Fedor, Julie. Russia and the Cult of State Security: The Chekist Tradition, from Lenin to Putin. London: Routledge, 2011.
Peake, Studies 57.2 (Jun. 2013), calls this work "a unique and absorbing look into the history of Russia's intelligence profession, with some disturbing conclusions about its future. A very valuable contribution."
Haslam, Jonathan. Russia's Cold War: From the October Revolution to the Fall of the Wall. New Haven, CT: Yale University Press, 2011.
Burleigh, Telegraph (London), 20 Feb. 2011, sees this as "the first comprehensive account of Soviet policy between the October Revolution and the fall of the Berlin Wall." The author uses "an astonishing array of original materials that take readers into the heart of decision-making in Moscow and its satellites.... Although Haslam is against the general scholarly trend in his repeated focus on Germany and central Europe, he gives fascinating vignettes of the proxy conflicts which the superpowers and their surrogates waged in various Third World contexts."
For Legvold, FA 90.2 (Mar.-Apr. 2011), this work traces the history of Soviet foreign policy in a "seamless, comprehensive fashion.... [T]he previously untapped testimony of aides and subordinates to key Soviet officials offers the most interesting and surprising insights into Soviet decision-making." Pringle, IJI&C 24.4 (Winter 2011-2012), finds this to be a "carefully and clearly written history." The author addresses "issues not understood well in the West." However, Haslam has "a tendency to rely on his private undocumented sources for intelligence information." Peake, Studies 55.3 (Sep. 2011), notes that intelligence "is not a major theme," but is "part of the narrative" throughout.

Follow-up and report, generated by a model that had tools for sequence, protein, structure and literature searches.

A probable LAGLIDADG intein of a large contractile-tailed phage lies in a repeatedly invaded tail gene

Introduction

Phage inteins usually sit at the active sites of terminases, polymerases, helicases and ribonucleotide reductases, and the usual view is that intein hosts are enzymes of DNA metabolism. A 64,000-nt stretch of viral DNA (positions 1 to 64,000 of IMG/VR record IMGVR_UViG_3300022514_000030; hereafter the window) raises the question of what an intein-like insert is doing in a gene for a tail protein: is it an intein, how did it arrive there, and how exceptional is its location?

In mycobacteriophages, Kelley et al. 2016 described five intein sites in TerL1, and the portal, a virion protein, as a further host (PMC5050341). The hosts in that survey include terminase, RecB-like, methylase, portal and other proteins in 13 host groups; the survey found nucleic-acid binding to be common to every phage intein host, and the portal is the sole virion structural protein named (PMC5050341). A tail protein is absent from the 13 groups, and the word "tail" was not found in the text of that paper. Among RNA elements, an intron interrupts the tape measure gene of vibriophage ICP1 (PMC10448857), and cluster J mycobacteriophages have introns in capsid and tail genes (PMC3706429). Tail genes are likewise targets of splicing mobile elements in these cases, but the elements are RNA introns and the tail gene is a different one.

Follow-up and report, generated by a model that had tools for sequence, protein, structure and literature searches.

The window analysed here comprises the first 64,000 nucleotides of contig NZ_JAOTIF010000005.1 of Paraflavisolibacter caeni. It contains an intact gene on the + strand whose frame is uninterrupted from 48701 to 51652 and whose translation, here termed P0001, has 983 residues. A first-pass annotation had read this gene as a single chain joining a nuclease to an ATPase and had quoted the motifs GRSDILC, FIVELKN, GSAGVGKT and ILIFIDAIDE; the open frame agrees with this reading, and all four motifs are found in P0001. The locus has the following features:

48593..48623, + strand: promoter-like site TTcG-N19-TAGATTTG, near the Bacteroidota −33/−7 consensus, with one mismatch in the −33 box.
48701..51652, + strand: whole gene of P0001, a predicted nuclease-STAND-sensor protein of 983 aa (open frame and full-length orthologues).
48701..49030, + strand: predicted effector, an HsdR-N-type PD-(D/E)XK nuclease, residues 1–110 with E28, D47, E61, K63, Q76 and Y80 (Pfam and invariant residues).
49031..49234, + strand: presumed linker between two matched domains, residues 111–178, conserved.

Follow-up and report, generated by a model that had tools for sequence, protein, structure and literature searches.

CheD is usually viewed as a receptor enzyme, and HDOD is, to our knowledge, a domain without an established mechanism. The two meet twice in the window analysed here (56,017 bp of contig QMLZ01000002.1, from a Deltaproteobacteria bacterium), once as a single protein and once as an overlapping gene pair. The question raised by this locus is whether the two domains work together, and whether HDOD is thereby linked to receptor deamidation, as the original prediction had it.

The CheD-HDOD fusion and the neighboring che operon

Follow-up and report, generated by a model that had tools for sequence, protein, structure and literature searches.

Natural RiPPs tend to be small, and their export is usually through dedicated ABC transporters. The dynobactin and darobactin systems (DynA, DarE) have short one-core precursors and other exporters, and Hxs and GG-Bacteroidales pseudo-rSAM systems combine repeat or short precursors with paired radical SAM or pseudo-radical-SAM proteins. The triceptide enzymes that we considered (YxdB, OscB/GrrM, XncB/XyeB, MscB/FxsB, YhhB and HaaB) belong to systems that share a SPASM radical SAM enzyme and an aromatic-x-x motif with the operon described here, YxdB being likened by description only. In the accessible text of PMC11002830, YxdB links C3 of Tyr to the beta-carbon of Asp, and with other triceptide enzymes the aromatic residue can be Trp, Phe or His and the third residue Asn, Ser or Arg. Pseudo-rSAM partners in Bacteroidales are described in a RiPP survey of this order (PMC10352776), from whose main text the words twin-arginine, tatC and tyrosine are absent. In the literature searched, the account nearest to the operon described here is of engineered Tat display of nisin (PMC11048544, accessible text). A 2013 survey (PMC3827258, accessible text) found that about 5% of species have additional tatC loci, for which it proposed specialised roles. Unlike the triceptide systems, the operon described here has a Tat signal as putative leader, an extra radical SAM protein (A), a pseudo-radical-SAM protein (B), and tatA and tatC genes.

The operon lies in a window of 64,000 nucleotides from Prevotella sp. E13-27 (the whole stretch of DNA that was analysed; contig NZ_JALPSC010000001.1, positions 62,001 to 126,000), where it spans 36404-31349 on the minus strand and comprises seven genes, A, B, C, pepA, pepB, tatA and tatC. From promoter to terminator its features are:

Miller, John. All Them Cornfields and Ballet in the Evening. Kingston upon Thames, UK: Hodgson Press, 2010.
Peake, Studies 55.2 (Jun. 2011), notes that the author is a British journalist who "spent 40 years as a newspaper correspondent in the Soviet Union and Russia.... Miller's story is worthy of attention in an intelligence journal because of his encounters with several subjects of intelligence interest -- Donald Maclean, Guy Burgess, and Kim Philby." This work "broadens one's understanding of Soviet society, adds colorful details to some well-known Cold War espionage cases, and is an unqualified pleasure to read."
Mochulsky, Fyodor Vasilevich. Gulag Boss: A Soviet Memoir. New York: Oxford University Press, 2011.
According to Peake, Studies 55.3 (Sep. 2011), despite postwar assignments to the UN and Beijing, among others, the author focuses on "supervising railroad-building prisoners crews in the Arctic permafrost." This "is the only book that describes life in the [Gulag] camps from an NKVD supervisor's point of view."
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